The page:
Jean Marie Exavier, 2010 Earthquake Survivor, Leogane, Haiti tells us....."After the disaster,I get many trouble, you know, because I lose many friends. When the first AWB team coming here, they explain me about the acupuncture. I take the first therapy. I feel so good. There's no stress, pain for me. I sleep well. After that, I explain this to the other people. They agree with me. ... But now I can tell you the truth. This is the best therapy that I ever know before."
As everyone in the acupuncture field knows, acupuncture has been around in one form or another for a very long time. There is evidence that the practice of acupuncture may go back as far as the Stone Age in China (4,000 – 3,000 BCE) with the use of the bian shi, or sharpened stones. Hieroglyphs and pictographs have also been discovered that indicate acupuncture dates back at least to the Shang Dynasty (1600-1100 BCE) in China.
In the modern day, more and more people are accepting and using acupuncture as an alternative to allopathic medicine. A 2007 survey in the United States estimated 3.1 million adults, or approximately 1% of the U.S. population, had used acupuncture during the previous year. This was an increase of 1 million adults over the survey conducted in 2002, showing thatthe use of acupuncture is growing rapidly. Currently, the largest use of acupuncture in the United States is for the management of pain.
What is the future for acupuncture and Chinese medicine in the United States and in the world?
Acupuncture and protocols that are derivative of acupuncture will continue to become more prevalent throughout society in all parts of the world. AWB believes that there is tremendous value in the many ways that acupuncture is currently being practiced, and that more creative venues for acupuncture will develop over time.
Some of these methodologies include one-on-one private treatments, community clinics that use body points in group settings, and community treatments that use the National Acupuncture Detoxification Association (NADA) protocol for healing substance abuse and/or trauma.
"Acupuncture is a medicine of peace that we can bring to every corner of the globe. With this work, we are helping to interrupt the cycles of trauma that get passed from one generation to the next, causing conflict, disruption of communities, substance abuse, violence and more," AWB founder and executive director Diana Fried B.
"We find an amazing openness and resonance with this medicine wherever we go. We also find that acupuncturists, when brought together in community, are great leaders in helping to bring about social transformation with our work. I can not think of anything more important that we can do to help heal the planet!"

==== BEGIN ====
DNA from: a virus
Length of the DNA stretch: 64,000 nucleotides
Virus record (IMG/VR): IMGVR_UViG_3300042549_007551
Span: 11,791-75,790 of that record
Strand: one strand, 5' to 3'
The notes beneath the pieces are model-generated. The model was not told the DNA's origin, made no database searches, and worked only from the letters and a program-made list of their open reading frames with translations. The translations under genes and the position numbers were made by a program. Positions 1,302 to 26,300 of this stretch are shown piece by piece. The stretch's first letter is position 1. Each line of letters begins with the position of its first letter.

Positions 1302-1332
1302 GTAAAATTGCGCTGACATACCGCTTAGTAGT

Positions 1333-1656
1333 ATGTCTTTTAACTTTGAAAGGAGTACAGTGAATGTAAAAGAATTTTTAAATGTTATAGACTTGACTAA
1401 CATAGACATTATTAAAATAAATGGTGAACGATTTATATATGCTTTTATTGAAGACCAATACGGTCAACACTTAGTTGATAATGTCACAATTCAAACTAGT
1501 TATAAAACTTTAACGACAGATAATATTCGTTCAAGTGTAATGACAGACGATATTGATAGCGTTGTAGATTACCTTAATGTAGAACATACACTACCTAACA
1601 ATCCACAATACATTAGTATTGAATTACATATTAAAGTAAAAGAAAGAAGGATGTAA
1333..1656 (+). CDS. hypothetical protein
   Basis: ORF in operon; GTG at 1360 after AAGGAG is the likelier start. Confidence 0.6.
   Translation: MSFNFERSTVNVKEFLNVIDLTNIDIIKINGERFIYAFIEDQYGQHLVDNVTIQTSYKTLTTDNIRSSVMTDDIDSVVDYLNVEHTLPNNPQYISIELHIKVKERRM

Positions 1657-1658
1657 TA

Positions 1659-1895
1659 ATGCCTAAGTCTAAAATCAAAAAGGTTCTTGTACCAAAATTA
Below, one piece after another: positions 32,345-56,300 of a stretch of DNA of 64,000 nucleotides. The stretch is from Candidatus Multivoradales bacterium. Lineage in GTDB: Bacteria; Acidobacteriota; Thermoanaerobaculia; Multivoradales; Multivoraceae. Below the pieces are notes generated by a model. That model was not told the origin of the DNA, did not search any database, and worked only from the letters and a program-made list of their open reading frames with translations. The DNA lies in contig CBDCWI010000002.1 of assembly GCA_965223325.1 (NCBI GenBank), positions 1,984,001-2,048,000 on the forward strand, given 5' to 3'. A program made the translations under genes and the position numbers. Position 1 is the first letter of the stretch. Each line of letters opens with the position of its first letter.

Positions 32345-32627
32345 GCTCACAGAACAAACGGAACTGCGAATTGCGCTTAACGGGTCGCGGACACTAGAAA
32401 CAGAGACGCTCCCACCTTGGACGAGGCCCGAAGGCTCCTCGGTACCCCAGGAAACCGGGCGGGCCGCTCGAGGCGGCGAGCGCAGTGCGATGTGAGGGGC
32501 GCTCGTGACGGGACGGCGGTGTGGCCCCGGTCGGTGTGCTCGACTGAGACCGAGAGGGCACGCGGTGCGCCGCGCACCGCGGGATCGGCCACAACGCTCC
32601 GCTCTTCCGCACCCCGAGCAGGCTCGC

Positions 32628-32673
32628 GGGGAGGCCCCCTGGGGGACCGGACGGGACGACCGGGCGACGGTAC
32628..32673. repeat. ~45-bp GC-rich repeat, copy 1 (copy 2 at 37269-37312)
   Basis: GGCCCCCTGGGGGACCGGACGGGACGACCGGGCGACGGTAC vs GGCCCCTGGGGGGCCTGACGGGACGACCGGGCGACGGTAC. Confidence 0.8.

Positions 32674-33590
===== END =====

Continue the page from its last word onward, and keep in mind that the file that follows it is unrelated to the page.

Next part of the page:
Simple acupressure points are now being used in a variety of settings, for example by emergency medical teams in New Mexico to alleviate nausea. Nineteen states in the United States allow non-acupuncturist health providers to be trained in the use of the NADA protocol and subsequently to provide treatment in detoxification programs under the supervision of licensed acupuncturists or medical doctors.
International programs, such as the Pan African Acupuncture Project and the Guatemala Acupuncture and Medical Aid Project, have been teaching health care professionals in the use of acupuncture for healing in very economically poor and under-served communities.
Acupuncture has been shown to be highly effective in treating stress disorders and specifically post-traumatic stress syndrome. The military is currently using acupuncture extensively for this purpose.
AWB uses the NADA protocol, and at times other body points, in a community acupuncture-style setting to provide trauma recovery in disaster situations, nationally and internationally.
Patients report tremendous relief from pain and anxiety, and a dramatically increased ability to function again.
Amongst others, AWB has treated 8,000 survivors of Hurricane Katrina, approximately 4,500 survivors of the 2010 earthquake in Haiti, hundreds of Ecuadorians who have been negatively impacted by environmental devastation to their forests, hundreds of monks and nuns in Nepal, and hundreds of nomads in Mongolia.
AWB Member Clinics are treating thousands of veterans, active duty military and their family members each year.
One of AWB's goals is to support acupuncturists in being prepared to respond to disasters in their local communities, and around the globe. To this end, the organization has provided training around the United States since 2006, and has trained close to 1000 acupuncturists.
Now AWB is training healthcare providers in different parts of the world in how to treat trauma survivors with the NADA protocol using auricular needles or ear seeds, as appropriate.
During the summer of 2010, WB trained 60 healthcare providers in Mongolia, six acupuncturists were trained in Nepal, and 30 healthcare providers in Haiti.
The organization believes that relieving trauma caused by disasters war, poverty, environmental destruction, and economic upheaval is key to bringing peace around the world.
California Journal of Oriental Medicine
By Diana Fried